- Your brain is neuroplastic. It can develop new synapses and pathways that become hardwired. When you practice a new skill through repetition, your brain creates new neural pathways so using that skill becomes reflexive and no longer requires intense effort. Cognitive neuroscientists tell us that repeatedly doing a particular activity increases the space the brain allocates to that activity and increases our ability to focus while doing it. However, as skill level in that activity increases, the brain also becomes more efficient and needs to use fewer resources to accomplish the task, particularly in working memory (Hill and Schneider 2013). Thus, learning a new skill and practicing it repeatedly moves it into long-term memory and frees up resources in working memory.
One of the key components of improving your writing skills is reducing the demands on working memory. Moving knowledge of grammar and sentence structure into long-term memory is one way to do that. In other words, you’re not fatally wounded as a writer if you weren’t taught grammar and syntax in secondary school. You can learn it now and it can become part of your long-term memory. It might even be easier to learn it now than when you were in secondary school because a) now you have very good incentives to do so (tenure, job security, increased income); and b) you have much more context in your brain to help you apply new knowledge than you did when you were younger.
Resources for Increasing Your Knowledge of Grammar
Rosen, Leonard J., and Laurence Behrens. The Allyn & Bacon Handbook. 5th ed. New York: Pearson Longman, 2003.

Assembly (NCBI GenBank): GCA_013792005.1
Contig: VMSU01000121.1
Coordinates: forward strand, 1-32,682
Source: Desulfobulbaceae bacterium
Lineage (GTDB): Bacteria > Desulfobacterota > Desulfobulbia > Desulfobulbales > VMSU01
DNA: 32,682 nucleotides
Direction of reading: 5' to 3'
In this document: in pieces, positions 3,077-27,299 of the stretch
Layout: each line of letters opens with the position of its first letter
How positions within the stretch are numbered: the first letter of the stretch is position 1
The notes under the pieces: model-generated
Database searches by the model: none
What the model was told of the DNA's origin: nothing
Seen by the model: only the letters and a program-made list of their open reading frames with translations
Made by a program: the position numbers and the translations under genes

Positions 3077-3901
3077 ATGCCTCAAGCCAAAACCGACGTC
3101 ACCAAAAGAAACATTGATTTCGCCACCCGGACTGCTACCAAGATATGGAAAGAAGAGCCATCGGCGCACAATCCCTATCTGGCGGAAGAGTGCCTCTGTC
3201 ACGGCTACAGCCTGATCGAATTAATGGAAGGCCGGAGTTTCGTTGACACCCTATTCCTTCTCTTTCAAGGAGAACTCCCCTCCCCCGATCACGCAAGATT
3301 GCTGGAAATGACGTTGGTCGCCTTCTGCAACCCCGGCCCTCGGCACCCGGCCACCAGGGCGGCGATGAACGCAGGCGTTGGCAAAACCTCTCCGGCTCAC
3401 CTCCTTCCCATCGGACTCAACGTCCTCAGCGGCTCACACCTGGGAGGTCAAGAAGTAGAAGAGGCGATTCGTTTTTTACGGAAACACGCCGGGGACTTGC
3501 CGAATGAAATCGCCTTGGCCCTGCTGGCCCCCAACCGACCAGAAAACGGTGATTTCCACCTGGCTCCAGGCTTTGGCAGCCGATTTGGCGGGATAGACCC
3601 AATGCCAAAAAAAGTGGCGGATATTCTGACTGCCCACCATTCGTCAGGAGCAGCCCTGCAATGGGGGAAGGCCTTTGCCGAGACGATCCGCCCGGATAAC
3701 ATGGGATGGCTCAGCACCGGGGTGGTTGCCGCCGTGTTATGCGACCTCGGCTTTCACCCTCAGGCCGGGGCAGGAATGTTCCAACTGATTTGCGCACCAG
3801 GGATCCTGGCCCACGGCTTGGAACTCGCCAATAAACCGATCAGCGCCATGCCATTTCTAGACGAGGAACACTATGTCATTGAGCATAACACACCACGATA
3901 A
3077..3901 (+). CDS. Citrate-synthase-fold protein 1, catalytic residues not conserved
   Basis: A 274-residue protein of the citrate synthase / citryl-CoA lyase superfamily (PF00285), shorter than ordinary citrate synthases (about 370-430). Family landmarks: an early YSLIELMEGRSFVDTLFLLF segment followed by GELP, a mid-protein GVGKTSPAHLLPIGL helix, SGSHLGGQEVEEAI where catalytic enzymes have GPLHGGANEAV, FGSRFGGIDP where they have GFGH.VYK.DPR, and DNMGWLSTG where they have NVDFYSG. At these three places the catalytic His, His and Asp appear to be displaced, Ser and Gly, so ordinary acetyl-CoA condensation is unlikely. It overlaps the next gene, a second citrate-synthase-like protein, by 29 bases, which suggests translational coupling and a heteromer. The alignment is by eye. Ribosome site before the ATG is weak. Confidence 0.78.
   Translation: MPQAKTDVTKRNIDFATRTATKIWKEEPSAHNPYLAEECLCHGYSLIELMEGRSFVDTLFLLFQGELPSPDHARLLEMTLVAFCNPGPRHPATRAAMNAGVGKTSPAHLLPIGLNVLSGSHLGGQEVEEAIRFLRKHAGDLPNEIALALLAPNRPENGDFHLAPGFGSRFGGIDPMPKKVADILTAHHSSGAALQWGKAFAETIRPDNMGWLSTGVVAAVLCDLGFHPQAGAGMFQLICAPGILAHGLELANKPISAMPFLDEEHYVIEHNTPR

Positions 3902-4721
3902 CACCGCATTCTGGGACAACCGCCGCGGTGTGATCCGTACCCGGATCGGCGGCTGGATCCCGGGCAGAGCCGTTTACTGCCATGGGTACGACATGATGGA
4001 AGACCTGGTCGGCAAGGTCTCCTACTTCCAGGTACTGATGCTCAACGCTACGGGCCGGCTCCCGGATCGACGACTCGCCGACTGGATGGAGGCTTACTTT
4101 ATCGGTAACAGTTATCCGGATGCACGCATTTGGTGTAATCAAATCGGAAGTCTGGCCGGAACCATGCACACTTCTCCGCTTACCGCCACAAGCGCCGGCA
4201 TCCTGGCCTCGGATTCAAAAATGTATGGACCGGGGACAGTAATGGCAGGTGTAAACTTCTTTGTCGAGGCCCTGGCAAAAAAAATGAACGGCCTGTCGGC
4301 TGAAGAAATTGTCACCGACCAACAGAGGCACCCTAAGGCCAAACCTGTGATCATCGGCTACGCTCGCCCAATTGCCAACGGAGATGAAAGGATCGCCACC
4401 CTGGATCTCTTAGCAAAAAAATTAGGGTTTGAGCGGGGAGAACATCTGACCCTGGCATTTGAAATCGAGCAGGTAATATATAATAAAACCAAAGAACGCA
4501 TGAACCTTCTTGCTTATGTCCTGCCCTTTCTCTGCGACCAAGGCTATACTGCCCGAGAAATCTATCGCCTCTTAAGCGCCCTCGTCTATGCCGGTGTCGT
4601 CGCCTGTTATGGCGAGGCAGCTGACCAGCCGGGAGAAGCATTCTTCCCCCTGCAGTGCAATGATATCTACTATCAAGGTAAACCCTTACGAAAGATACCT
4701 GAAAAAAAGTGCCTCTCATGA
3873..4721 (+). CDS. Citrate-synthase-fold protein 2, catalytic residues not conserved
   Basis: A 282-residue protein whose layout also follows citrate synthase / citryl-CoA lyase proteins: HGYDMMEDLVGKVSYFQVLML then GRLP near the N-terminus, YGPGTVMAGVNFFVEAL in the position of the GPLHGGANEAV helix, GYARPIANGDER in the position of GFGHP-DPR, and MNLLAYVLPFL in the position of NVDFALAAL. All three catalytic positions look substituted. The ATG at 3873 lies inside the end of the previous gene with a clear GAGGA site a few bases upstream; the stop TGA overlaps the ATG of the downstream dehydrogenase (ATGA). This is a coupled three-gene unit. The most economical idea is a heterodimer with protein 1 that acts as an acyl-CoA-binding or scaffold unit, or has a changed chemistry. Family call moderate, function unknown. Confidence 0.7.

Get your hands on this one from a used bookseller if you can. It’s a gem. It has a detailed index inside the front cover so you can quickly find exactly what you’re looking for. The chapter topics are excellent. This is a superb place to start when you’re looking to increase your verbal ability. Sections include “Understanding Grammar,” “Writing Correct Sentences,” “Writing Effective Sentences,” “Using Effective Words,” and “Using Punctuation.”
Stilman, Ann. Grammatically Correct: The Essential Guide to Spelling, Style, Usage, Grammar, and Punctuation. Revised and updated. Cincinnati, Ohio: Writer’s Digest Books, 2010.
The strength of this guide are sections 3, “Structure and Syntax,” and 4, “Style.” Stilman covers areas of writing skill that newer academic writers often struggle with and that aren’t often covered in writing manuals. At the end of the book is a useful, albeit brief, section called “Suggestions for Self-Improvement.”
Williams, Phil. Word Order in English Sentences. 2nd ed. Brighton: Phil Williams.
This is a topic that style manuals rarely discuss. There’s a secret body of knowledge about order of words in fluent English sentences. Phil Williams shares the decoder ring.
Grammar Revolution: https://www.english-grammar-revolution.com/sentence-structure.html
Site owner Elizabeth O’Brien offers numerous resources that include a PDF titled “The Beginner’s Guide to Grammar,” video grammar lessons, and a guided multimedia course in grammar called The Get Smart Grammar Program. O’Brien’s resources work well for adult learners.
Grammarly Blog: https://www.grammarly.com/blog/category/handbook/
Has pages on many aspects of grammar knowledge, divided into four broad categories: Grammar, Punctuation, Mechanics, and Techniques. I can’t speak for the accuracy of its online grammar check feature, though.